Log in

No account? Create an account
D&D 3E
Book of Nine Swords 
3rd-Nov-2009 11:48 am
So what do people think of this Tome of Battle?  I personally really like the concept, but I've heard quite a few people decry it as overpowered.  It certainly makes non-casters more threatening, but a well built fighter or barbarian can do similar damage.  I feel the ToB classes are more versatile, and just a lot of fun to play.  Now, just to convince more of my gaming group to try it... ;)-

Anyway, what do you fine folk think?  Balanced, overpowered, fun, silly?  Fun/terrible experiences?
3rd-Nov-2009 07:11 pm (UTC)
Like just about anything else in D&D, in most hands it's a well-balanced, fun system. Also, just like anything else, in the wrong hands it's an overpowered tool.

Personally, I feel it makes melee characters a lot more fun to play.
3rd-Nov-2009 07:40 pm (UTC)
I'm not sure I agree that a 'well built' fighter or barb can equal the damage output of a Bo9S character.

On the other hand, a straight 20th level fighter is almost always way behind a straight 20th wizard or cleric, and a straigh 20 Bo9S isn't.

I like it. its fun, and it makes the power arc similar between melee and casters.
3rd-Nov-2009 07:43 pm (UTC)
Personally, I love it and allow it in all of my games. But it is, in fact, overpowered. It's easy to adjudicate such things, and honestly having a troll with a few levels in Crusader makes it just perfect. ToB can unbalance your game, especially tossing in some of the template out there (Mineral Warrior comes to mind).

but a well built fighter or barbarian can do similar damage.

I have to disagree. Once you get through about 8 levels, fighters and straight barbarians begin to fall behind. By 12, give me a Cleric or Druid any day. But looking at a Warblade, for instance, at level 12 you can't make a fighter that can touch him. Or barbarian. ToB classes let your melee players run with the big dogs through all levels.
3rd-Nov-2009 08:44 pm (UTC)
in my group we call it the "book of broken swords."
3rd-Nov-2009 10:17 pm (UTC)
*Rereads original post* Whoops, sorry, should have clarified. Yeah, the fighter/barbarian comment was more at lvl 10 and lower (and even then, requires the Shock Trooper/Combat Brute combo). As for the couple comments of broken, why do you feel it's broken? Is it the high damage output, the per encounter maneuvers, or some of the higher level maneuvers?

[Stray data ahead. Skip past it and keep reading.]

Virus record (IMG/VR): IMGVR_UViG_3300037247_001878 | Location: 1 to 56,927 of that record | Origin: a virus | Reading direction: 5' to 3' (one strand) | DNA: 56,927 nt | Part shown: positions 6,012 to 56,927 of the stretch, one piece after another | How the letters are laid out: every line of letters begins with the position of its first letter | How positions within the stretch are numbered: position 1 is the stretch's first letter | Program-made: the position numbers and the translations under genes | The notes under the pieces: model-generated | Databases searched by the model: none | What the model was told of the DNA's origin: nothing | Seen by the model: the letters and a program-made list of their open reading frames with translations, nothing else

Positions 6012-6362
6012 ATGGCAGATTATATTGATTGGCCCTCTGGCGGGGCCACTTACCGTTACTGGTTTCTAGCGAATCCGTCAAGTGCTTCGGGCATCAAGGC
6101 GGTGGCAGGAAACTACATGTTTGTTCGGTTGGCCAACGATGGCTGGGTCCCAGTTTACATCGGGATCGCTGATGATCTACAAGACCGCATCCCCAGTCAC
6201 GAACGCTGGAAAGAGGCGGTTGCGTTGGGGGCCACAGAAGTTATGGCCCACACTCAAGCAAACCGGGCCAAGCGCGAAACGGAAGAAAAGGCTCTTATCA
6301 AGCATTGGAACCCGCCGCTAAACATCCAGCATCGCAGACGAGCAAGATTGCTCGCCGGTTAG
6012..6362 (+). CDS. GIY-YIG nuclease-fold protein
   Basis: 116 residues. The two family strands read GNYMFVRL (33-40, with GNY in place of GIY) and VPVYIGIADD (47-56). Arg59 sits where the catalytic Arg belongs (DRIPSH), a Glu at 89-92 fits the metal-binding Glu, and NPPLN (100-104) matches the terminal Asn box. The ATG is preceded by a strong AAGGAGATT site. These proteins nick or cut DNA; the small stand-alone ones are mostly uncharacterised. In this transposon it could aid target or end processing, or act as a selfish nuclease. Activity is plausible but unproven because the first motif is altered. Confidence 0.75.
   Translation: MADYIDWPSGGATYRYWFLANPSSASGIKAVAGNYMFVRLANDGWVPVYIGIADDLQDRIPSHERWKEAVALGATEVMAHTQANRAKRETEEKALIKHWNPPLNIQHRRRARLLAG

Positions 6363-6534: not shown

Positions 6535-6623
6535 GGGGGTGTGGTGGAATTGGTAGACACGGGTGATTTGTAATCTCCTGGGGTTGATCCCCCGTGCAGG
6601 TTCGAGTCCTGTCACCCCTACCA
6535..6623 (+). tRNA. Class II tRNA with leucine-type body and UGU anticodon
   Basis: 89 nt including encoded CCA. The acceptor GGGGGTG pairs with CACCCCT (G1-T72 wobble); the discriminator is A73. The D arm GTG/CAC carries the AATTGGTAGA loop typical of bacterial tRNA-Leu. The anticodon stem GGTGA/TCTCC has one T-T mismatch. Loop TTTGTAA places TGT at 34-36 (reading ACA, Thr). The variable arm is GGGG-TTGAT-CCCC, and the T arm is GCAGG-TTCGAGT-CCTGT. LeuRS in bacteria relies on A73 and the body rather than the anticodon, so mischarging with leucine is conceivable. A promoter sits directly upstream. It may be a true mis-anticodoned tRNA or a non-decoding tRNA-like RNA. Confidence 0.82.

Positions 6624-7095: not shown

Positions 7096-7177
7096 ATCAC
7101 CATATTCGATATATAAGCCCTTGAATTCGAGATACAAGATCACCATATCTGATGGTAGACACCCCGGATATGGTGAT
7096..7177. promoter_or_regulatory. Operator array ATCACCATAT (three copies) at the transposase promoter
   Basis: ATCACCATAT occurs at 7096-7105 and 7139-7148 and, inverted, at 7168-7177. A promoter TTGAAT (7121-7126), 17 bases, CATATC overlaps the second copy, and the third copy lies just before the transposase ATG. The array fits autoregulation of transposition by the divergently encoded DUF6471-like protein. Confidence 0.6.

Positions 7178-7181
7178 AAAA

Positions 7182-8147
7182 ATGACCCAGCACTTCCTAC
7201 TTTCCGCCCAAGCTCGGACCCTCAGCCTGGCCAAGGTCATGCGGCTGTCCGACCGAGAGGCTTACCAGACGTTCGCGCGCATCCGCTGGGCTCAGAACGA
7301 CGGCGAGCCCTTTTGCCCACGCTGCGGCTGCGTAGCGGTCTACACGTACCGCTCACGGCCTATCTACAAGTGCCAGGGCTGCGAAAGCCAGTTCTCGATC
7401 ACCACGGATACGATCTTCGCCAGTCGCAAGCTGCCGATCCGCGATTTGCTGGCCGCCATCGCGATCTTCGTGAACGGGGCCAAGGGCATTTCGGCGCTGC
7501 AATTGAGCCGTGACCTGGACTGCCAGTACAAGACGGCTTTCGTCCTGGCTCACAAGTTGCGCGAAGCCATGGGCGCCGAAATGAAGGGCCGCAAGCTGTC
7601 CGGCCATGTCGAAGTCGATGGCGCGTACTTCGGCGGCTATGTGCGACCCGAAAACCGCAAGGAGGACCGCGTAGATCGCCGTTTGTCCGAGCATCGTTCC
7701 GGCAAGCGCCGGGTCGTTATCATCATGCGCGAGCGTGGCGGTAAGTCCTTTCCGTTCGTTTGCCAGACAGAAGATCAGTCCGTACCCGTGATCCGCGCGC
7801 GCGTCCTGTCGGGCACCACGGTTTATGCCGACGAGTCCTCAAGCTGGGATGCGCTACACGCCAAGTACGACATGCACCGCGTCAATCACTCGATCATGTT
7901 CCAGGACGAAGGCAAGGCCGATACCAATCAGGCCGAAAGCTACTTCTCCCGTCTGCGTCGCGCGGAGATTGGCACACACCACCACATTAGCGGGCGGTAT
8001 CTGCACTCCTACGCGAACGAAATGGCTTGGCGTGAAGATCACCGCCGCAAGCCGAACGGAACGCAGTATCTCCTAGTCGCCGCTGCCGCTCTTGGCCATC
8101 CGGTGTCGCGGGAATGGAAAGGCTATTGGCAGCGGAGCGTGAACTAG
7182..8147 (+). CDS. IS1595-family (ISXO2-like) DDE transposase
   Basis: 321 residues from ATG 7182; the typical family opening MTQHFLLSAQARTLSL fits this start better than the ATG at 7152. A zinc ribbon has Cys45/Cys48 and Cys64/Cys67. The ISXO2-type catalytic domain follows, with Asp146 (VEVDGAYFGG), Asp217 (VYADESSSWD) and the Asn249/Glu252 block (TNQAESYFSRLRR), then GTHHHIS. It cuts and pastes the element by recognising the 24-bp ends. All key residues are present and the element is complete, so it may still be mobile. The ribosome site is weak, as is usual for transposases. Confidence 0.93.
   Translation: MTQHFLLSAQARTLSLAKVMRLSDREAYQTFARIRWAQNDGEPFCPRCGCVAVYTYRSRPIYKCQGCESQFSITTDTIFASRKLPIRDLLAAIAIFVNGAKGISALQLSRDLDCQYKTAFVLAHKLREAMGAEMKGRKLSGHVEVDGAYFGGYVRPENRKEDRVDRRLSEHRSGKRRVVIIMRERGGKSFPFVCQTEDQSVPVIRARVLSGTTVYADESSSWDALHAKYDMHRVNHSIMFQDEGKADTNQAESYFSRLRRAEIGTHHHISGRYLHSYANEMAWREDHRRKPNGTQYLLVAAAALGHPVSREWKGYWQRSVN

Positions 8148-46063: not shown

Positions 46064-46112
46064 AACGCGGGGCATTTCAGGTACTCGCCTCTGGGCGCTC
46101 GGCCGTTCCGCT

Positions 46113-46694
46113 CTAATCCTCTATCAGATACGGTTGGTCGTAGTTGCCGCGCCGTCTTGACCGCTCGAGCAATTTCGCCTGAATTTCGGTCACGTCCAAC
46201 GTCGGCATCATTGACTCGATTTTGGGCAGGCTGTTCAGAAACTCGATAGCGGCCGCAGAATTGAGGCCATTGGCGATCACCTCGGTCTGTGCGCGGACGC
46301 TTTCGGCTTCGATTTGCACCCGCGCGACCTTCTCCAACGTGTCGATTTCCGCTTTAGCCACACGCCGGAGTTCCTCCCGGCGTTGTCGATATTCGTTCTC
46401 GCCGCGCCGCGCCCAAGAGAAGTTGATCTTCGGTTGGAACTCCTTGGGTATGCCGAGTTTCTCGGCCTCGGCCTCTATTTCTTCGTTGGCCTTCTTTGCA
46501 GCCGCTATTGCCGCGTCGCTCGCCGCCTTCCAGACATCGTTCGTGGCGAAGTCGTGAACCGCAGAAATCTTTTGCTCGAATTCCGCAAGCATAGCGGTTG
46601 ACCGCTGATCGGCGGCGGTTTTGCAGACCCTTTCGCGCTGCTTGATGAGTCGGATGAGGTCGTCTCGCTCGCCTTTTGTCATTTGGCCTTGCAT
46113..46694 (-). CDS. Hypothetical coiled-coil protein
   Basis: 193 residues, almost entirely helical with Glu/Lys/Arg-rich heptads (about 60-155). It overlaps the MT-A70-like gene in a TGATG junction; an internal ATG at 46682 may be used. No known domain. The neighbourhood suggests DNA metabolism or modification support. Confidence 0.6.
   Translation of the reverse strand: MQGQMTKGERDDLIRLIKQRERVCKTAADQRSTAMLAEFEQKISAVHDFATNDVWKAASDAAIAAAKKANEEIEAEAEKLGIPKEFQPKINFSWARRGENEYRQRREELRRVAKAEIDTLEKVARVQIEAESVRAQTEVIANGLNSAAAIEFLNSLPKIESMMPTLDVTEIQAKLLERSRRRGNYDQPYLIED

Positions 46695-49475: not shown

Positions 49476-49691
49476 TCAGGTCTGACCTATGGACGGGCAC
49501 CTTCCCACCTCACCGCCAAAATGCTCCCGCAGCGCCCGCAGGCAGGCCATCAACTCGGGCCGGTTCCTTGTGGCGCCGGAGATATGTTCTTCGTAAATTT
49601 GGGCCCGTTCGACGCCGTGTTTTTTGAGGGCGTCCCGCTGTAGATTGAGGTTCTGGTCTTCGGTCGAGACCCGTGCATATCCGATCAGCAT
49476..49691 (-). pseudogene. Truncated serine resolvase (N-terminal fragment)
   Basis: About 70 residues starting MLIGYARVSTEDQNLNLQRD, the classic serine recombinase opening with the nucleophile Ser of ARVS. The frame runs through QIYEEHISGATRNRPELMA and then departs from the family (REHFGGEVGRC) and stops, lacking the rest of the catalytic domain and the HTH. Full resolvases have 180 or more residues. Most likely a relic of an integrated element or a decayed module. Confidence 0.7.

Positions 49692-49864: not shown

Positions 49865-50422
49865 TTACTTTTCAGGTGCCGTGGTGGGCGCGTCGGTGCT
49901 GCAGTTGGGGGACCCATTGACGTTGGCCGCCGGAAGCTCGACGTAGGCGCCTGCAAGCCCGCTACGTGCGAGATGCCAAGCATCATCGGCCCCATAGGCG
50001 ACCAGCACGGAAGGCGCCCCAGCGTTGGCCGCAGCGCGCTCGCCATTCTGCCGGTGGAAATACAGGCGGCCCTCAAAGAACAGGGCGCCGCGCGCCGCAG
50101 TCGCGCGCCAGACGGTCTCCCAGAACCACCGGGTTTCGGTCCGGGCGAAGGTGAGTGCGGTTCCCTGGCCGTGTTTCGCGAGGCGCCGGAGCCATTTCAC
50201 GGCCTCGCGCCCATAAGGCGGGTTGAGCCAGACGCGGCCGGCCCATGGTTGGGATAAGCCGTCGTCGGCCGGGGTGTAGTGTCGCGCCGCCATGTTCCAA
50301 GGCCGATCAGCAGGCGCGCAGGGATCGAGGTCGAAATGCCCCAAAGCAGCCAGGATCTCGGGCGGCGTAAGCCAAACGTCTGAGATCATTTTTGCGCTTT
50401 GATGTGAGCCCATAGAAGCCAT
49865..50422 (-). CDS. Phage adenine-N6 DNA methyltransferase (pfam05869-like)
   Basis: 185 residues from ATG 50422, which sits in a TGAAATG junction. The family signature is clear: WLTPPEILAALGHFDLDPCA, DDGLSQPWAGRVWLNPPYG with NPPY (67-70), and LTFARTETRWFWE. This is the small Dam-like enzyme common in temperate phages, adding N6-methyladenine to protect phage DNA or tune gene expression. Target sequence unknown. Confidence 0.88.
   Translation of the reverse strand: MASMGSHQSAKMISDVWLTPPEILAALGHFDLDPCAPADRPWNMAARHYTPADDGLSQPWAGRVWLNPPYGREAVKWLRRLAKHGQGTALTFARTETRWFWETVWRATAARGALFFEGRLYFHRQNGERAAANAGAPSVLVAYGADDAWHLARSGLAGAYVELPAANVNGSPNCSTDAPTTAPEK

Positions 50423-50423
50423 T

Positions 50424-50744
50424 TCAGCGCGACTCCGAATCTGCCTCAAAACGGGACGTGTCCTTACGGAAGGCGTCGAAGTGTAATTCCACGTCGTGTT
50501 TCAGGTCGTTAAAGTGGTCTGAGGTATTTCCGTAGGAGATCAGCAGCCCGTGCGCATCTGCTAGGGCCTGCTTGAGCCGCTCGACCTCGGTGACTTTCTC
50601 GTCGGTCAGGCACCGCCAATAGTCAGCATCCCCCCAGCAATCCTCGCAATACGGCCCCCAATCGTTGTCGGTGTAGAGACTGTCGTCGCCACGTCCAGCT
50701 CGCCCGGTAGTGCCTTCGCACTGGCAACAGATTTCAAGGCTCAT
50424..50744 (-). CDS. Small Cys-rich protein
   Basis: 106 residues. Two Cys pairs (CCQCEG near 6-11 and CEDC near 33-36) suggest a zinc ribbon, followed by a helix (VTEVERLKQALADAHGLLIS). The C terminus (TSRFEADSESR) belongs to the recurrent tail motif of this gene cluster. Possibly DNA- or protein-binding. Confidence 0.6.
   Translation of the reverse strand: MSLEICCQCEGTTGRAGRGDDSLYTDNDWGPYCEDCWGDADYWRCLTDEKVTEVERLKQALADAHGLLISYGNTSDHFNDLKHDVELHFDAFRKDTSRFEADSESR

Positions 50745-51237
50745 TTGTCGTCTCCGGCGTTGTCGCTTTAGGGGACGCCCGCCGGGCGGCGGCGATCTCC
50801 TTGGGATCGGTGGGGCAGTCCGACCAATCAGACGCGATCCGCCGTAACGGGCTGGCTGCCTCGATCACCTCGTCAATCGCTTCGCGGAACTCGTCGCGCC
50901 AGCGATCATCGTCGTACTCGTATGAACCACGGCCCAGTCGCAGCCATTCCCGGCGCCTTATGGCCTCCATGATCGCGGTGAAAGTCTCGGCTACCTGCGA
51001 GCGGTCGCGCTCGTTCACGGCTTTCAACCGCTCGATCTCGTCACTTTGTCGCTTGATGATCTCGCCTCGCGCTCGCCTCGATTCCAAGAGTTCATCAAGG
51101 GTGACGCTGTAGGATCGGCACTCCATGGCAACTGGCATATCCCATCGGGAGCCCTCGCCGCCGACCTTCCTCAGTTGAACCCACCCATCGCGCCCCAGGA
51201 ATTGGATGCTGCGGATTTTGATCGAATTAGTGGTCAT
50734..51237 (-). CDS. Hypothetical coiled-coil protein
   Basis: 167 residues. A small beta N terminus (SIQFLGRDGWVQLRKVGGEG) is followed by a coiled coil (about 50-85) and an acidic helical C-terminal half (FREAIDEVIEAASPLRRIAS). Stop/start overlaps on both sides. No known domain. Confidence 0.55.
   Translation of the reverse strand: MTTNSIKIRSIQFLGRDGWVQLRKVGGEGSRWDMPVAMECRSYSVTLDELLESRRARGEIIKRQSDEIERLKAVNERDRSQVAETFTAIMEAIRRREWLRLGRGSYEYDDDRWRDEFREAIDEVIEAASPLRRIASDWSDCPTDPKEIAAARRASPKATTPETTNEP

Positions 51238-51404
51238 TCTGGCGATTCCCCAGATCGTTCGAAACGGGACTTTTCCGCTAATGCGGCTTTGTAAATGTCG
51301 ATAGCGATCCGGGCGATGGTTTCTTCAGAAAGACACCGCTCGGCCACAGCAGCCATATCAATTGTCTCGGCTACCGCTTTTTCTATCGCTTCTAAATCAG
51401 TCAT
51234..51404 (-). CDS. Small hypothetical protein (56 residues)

Thanks for the swift replies!
3rd-Nov-2009 10:28 pm (UTC)
Sorry for the double post, but those were just suggestions as to why ToB is "broken." Other reasons are perfectly fine :)
3rd-Nov-2009 10:29 pm (UTC)
Is that the book with the terrible annie-may-sue "darkness and light ninja"?
3rd-Nov-2009 10:41 pm (UTC)
*hides in shame* Yes, it is. As much as I like the book, there's a couple prestige classes in there that make me twitch. Bloodstorm Blade makes my head hurt ;)...
4th-Nov-2009 01:56 am (UTC)
It's the Book of Awesome and Fun. Honestly, this is the only way I can play 3.5e anymore. Per encounter abilities are genius. Each of the disciplines adds tons of flavor to your character and mixxing them is the very versatility you speak of. I'm running a fire ninja(desert wind/shadow hand ninja) in one game, and Sora from Kingdom Hearts (iron heart/tiger claw warblade/duskblade) in another.

It's . . . yes, it's all mean to be Rule of Cool, but that's why you play D&D anyways, to do awesome stuff and be badass.

Anyhow if they won't try it tell them they're being ignorant for banning something they haven't tried.
4th-Nov-2009 02:42 pm (UTC)